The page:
Books. Bikes. Boomsticks.
"Too many mind. Mind the sword, mind the people watch, mind the enemy, too many mind... No mind."
Nice. My favorite line from the article: "The decision was then made to power down the magnet to remove the gun." Good call. I suppose the continued presence of the gun might have unsettled the next already too-tightly-wrapped MRI patients, and he probably wanted his gun back. Too bad Barney didn't leave that bullet in his shirt pocket.
I guess I'm mainly glad that this turned out funny rather than tragic. Pretty sure that techie won't be letting anyone else bring a gun anywhere near his Tesla-and-a-half toy again any time soon.
I'll bet the gun is now unuseable due to components having been turned into magnets.
Nahhh, just tie a rope to it and pull up interesting objects from nearby bodies of water.
Pretty interesting. The only time I ever needed to undergo MRI, I went in carrying a pre-1980 .45 Commander, without benefit of the firing pin block. The technician was very businesslike in his statement that all ferrous metal should be left well away from the gear. I followed instructions and left pistol, with spare magazine, pocket knife, and keys in a large envelope. This was stashed in a lockbox, and there was no drama.I must admit I never envisioned such a possible outcome. JPG
I would be leary of using that weapon again. Imagine all the stress on the slide rail du to the slide being locked when the round fired. jeff
Well DUH!There are several well-documented reports of items as large as chairs, gas cylinders and even a floor polisher pulled into the magnet chamber of a MRI apparatus. I've seen tattoo ink and shrapnel/metal shards pulled out of the dermis of patients as well. http://www.simplyphysics.com/flying_objects.html for a look at some documented cases.Regards,Rabbit.
Ya know, they never actually say that the safety was observed to be on when the gun was retrieved. They count on the empty shell in the barrel. It seems a strange thing to leave out. Why couldn't it have been the mag field that prevented the slide from operating enough to actually eject the round?And who thought up the idea of trying to pry the weapon off of the machine with the magnet on?
Yikes! I'll bet that cop almost filled his pants! Aside from the AD/ND it was probably fairly comical though, I can just see him setting it on the table and diving after it as it tried to get away.I'd imagine that the gun could be degaussed and still used, I doubt the slide being locked was that big a deal, A slide lock on a .45 or 9mm is not unheard of for suppressed weapons.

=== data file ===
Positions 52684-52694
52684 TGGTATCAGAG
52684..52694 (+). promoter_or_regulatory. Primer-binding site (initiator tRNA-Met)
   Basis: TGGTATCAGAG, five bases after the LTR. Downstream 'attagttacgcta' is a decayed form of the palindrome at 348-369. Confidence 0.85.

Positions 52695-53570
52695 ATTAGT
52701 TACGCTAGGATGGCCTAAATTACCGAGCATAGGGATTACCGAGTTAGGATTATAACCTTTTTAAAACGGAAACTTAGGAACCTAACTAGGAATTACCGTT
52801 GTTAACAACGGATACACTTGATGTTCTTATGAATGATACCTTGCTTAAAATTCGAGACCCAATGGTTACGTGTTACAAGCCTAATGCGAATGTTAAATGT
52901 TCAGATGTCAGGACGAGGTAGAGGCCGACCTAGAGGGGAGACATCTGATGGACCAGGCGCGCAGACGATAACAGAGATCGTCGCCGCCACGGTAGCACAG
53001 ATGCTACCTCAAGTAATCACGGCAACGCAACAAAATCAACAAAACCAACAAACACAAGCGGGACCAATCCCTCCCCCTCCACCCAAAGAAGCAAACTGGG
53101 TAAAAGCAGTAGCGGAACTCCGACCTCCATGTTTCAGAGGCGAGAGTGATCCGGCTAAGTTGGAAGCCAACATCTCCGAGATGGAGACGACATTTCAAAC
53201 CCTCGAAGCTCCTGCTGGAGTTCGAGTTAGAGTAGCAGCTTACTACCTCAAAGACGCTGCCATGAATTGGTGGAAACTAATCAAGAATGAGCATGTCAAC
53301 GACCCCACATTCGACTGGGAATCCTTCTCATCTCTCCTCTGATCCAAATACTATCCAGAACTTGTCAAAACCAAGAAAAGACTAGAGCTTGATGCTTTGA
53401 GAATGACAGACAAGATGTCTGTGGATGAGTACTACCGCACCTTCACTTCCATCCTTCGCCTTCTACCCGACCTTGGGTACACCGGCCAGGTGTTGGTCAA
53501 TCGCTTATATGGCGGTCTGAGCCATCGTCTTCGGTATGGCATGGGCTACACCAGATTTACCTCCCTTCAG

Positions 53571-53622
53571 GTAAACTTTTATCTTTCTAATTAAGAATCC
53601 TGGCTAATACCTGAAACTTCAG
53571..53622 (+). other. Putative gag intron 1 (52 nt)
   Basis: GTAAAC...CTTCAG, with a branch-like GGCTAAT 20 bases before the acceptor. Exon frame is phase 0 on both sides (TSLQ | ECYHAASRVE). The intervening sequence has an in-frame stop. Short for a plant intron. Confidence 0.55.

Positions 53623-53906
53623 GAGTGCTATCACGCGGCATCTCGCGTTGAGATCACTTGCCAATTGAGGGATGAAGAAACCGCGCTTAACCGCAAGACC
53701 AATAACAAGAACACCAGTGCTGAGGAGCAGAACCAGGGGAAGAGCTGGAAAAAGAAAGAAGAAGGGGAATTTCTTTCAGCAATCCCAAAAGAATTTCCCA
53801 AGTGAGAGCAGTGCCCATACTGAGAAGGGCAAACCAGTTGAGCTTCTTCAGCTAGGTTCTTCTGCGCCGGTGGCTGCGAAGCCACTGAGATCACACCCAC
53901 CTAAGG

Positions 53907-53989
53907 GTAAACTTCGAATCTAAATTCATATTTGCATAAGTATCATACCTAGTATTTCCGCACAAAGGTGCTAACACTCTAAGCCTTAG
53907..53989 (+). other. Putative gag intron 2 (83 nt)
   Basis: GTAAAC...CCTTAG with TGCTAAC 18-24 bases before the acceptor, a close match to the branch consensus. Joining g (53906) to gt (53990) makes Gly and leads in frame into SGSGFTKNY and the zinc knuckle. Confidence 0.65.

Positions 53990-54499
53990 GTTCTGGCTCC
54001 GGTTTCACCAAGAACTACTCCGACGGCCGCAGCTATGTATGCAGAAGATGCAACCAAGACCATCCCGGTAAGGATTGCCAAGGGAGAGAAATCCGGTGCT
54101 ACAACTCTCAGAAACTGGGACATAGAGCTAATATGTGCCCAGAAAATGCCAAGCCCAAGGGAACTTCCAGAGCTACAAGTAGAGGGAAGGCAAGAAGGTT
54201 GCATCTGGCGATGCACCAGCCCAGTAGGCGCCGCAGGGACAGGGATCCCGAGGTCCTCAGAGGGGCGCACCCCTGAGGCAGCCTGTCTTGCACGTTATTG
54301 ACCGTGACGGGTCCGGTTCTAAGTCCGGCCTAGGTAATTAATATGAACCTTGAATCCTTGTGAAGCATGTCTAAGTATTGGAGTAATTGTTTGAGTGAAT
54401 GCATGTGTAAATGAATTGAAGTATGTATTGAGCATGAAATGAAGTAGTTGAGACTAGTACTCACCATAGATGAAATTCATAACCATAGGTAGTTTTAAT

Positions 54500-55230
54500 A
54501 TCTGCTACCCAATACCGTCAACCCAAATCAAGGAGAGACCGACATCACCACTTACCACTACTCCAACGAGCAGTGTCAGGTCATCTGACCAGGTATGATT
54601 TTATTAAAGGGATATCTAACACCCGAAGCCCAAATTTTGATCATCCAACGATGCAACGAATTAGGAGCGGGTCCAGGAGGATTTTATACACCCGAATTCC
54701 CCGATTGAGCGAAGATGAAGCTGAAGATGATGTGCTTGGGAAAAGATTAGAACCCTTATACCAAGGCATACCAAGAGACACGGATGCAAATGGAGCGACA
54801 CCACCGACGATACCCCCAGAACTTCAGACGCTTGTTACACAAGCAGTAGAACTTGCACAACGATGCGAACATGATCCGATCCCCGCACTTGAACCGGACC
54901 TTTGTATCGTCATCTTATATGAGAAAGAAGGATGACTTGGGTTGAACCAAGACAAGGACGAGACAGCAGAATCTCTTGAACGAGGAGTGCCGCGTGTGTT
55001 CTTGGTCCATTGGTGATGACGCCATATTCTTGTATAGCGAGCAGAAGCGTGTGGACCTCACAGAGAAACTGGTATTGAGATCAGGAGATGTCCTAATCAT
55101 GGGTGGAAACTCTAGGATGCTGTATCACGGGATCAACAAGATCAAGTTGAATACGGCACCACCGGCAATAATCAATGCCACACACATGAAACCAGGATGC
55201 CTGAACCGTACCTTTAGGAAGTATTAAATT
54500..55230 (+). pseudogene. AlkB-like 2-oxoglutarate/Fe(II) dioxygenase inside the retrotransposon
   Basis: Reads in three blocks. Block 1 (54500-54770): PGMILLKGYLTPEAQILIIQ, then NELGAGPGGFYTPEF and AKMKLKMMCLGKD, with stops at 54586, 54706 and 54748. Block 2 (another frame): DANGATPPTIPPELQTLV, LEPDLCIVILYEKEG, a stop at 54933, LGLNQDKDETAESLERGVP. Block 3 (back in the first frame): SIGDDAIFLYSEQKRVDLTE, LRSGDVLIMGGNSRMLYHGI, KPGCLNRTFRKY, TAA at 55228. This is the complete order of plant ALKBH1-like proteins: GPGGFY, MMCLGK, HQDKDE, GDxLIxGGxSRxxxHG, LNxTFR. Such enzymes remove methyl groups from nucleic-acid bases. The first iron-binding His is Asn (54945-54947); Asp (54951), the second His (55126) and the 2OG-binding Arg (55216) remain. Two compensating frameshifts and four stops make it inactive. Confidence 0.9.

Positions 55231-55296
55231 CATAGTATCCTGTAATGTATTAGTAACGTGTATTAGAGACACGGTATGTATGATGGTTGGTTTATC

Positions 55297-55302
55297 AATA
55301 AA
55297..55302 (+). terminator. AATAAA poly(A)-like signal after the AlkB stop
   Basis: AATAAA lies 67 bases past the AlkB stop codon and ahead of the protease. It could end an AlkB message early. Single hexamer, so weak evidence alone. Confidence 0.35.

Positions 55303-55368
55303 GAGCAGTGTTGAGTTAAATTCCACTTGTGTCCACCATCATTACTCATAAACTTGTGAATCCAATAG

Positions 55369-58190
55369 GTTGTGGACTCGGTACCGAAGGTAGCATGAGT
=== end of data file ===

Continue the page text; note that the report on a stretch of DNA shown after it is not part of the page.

cfortin: They said the thumb safety was observed to be on when it was removed, thus:"When the firearm was removed from the magnet, the gun was still in a cocked and locked position."And the caption for Fig. 2C:"Gun is in cocked and locked position with hammer cocked and thumb safety turned on to prevent hammer from striking firing pin. This is condition in which gun was recovered from magnet."
I wouldn't be leery of using the pistol again, but I would be leery of leaving in the firing pin block that has obviously been fatigued. This is virtually the only instance in which I can think of the necessity of a firing pin block, and it failed. Take it out, and don't bring your pistol around MRIs again. It would have been interesting, academicaly, to find out if the pistol would have cycled had the safety not been engaged. I rather doubt it; given that the incredible magnetic force that drew the firing pin into the primer was also applied to the slide of the pistol, and given that the pistol was still holstered and against the side of the tunnel, I rather imagine that a FTF or FTE would occur. One wonders what would happen if the ammunition were ferric.
The notion of electronic cartridge ignition has begun knocking around again after 35 or so years of obscurity. I don't run magnetometers under high-tension lines or anything, but you've got to figure that the increasing number of casually (and causally!)generated mag fields is a possible drawback to that system that ought to be considered, especially for duty or carry arms. I zeroed all my credit cards in my computer room back in the 70's. Glad I didn't have my Tom Swift Electronic Pistol on me.
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